Do I need a course before starting?

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N5776 

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Hi everyone,

Im keen to start beekeeping, but there aren’t many courses because of COVID restriction....i would value some advice as to whether reading and researching is enough to get started or if i should really go on a course? I’m based near Stafford and there seem to be courses, just not running.
There is so much information about what to buy and conflicting information as to what to buy to start, I’m keen to see if second hand available and also thought a course might be good to help establish some links....

Any advice or pointers gratefully received.

Martin
 

Curly green finger's 

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Hi everyone,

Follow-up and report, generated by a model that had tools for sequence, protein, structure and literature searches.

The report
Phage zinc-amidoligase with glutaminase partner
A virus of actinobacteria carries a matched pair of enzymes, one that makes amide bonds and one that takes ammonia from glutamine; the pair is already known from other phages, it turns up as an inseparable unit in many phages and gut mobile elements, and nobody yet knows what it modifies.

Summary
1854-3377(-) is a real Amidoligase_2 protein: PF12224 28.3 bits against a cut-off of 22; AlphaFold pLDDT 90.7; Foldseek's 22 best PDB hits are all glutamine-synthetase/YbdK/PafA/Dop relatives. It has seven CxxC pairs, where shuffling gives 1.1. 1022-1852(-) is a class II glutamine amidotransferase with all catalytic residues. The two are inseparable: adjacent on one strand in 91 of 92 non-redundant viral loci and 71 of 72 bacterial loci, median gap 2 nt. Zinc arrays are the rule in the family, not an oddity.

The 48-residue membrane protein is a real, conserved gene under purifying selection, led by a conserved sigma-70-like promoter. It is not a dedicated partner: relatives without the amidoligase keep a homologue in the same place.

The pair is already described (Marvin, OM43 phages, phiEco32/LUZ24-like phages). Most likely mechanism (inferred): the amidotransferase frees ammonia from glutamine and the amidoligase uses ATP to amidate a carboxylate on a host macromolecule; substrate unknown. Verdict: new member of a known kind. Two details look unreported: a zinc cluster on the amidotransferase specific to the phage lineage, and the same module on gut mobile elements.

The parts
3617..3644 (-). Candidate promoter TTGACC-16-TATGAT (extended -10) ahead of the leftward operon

Im keen to start beekeeping, but there aren’t many courses because of COVID restriction....i would value some advice as to whether reading and researching is enough to get started or if i should really go on a course? I’m based near Stafford and there seem to be courses, just not running.
There is so much information about what to buy and conflicting information as to what to buy to start, I’m keen to see if second hand available and also thought a course might be good to help establish some links....

Any advice or pointers gratefully received.

Martin
Hi Martin you don't need to do a course but some practical experience would help.
If I was you I would join your local association and see if some one local can give you some practical lessons show you the ropes. Or even be a mentor.
Read books, watch videos and follow some good beekeepers on the Web.

Saying that I mentor 2 familys via WhatsApp and they have no prior experience, which in its self isn't easy but I'm always on the end of the phone.
If it wasn't for covid they would of had more practical but hey ho!.

Most associations are running zoom meetings which is worth thinking about.
Good luck and welcome.
 

victor meldrew